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Times: Friday 15th April is the Fast of the Firstborn. Latest time for eating chametz is at 10:28 am; burn chametz before 11:23 am. Pesach starts that evening; light candles at 5:36 pm (first seder)On Saturday 16th, light candles for the second day after 6:32 pm from a pre-existing flame (second seder). Start counting Sefirat ha’Omer. Yom Tov ends on Sunday night 17th at 6:31 pm.

For the second days of Pesach, on Thursday 21st April, light candles at 5:28 pm. On Friday 22nd, light candles after 5:26 pm from a pre-existing flame. Pesach ends on Saturday 23rd at 6:23 pm.

Mincha in the CBD: Mincha continues at Warlow’s Legal – 2/430 Lt Collins St. Join the WhatsApp group to stay across the latest details.

Study: The Weekly Shiur is in recess during Chol haMo’ed and will resume on Wednesday 27th at about 1.15pm at Warlow’s Legal – 2/430 Lt Collins St. – and via Zoom. Current topic: worker eating rights. Details here and on the WhatsApp group.

Thought of the Week with thanks to Gaby Silver. For most of us, the highlight of the Pesach Seder will be when the youngest participants take centre stage and recite the timeless Four Questions. The innocent simplicity of the Mah Nishtanah belies its pivotal significance. The quartet of seemingly innocuous queries segues into the festival’s powerful foundational statement: “We were slaves to Pharaoh in Egypt, and the Lord our God brought us out with a mighty hand and an outstretched arm.”

Behind this familiar verse lies a poignant idea: For the Jewish people to be redeemed, we first needed to be enslaved in Egypt – the paragon of iniquity and vice. Think about that for a moment. The Exodus is arguably the defining juncture of Jewish history and the catalyst for a chain of events that culminated in our achievement of true nationhood with the giving of the Torah at Mount Sinai seven weeks later.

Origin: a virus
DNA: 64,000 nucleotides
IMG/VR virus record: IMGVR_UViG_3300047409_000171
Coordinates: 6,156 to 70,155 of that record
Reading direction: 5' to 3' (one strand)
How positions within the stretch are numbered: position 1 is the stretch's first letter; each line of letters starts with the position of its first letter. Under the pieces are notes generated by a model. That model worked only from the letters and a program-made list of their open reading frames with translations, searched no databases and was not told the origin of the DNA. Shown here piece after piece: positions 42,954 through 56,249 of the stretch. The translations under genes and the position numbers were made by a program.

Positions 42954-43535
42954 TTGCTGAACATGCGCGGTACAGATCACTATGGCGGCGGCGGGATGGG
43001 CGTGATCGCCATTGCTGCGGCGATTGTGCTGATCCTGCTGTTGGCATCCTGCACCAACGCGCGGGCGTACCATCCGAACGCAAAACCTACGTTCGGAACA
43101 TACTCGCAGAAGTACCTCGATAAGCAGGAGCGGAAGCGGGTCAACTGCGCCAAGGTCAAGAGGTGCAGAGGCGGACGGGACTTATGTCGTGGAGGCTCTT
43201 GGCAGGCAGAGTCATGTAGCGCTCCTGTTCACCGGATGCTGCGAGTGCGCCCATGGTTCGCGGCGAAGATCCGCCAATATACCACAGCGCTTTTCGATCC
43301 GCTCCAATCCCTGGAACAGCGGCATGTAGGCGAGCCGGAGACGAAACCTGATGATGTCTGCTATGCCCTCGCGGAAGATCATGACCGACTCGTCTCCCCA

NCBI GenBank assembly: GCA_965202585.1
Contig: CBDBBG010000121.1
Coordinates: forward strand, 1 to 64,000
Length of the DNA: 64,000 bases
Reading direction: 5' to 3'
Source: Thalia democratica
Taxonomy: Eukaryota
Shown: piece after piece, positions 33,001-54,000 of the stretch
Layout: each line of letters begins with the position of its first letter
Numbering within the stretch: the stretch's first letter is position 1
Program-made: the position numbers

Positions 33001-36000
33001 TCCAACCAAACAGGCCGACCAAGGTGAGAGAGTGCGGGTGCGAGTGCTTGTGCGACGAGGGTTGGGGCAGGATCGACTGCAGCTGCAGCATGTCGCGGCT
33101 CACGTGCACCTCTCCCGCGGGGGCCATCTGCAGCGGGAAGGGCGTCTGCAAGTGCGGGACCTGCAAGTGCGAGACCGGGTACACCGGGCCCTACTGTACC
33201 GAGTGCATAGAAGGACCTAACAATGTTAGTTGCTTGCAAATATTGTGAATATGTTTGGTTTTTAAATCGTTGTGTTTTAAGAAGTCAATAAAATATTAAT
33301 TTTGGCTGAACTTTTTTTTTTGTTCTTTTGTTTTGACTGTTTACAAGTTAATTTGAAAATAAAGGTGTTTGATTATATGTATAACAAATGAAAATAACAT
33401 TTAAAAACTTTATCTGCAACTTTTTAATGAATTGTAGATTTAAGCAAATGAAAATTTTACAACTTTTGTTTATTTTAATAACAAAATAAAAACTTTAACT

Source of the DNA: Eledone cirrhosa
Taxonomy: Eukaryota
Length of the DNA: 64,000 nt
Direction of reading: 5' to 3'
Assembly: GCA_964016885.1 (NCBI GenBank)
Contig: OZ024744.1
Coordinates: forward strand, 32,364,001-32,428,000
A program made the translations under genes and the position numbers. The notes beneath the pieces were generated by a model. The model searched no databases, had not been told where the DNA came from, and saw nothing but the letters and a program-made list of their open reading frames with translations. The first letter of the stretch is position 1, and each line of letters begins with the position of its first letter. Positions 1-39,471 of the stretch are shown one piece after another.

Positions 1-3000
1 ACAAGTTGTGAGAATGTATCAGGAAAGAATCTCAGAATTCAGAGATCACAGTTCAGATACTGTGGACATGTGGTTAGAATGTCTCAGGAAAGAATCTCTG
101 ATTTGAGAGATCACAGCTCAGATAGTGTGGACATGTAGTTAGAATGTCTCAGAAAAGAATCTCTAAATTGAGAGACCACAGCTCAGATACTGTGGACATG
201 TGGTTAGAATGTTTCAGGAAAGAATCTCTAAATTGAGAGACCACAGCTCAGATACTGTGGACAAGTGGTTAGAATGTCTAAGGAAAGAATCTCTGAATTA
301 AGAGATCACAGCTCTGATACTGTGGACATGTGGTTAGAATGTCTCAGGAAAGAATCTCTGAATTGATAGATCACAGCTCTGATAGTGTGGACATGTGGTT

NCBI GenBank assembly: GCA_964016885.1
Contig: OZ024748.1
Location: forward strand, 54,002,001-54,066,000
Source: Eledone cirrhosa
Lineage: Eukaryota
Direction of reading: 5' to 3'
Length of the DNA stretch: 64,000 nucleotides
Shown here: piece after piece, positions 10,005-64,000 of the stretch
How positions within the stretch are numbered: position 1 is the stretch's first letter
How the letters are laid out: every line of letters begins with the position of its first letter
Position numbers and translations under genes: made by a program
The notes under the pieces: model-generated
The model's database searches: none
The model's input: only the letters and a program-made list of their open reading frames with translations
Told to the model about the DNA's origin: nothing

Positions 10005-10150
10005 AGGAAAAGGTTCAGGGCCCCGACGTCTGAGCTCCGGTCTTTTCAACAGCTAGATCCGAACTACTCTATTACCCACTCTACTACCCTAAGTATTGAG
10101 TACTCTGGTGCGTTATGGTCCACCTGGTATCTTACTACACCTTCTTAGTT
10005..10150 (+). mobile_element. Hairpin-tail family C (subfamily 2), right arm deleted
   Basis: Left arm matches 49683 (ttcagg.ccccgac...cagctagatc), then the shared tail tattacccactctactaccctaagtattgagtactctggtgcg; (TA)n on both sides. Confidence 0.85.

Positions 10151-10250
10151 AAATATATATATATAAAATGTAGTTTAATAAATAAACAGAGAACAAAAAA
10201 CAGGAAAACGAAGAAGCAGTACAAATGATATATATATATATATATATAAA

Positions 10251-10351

Yet, none of that would have been achievable without first experiencing the tribulations and temptations of the Egyptian exile.

Each of us faces trials that enslave us. Perhaps it’s external, such as financial pressures, difficult people at work or relationship troubles. Alternatively, it may be internal – lack of motivation, drive towards unhealthy behaviours or simply an inability to tear oneself away from the phone or computer when the kids are begging for attention.

God places these challenges in our path precisely so that we turn to Him. Ultimately, Judaism holds the key to salvation from any challenge. Through strengthening our commitment and bond to God and His Torah and placing ourselves in His Mighty Hand, we are assured deliverance from whatever form of slavery afflicts us.

Wishing you a Kosher & Freilichen Pesach.

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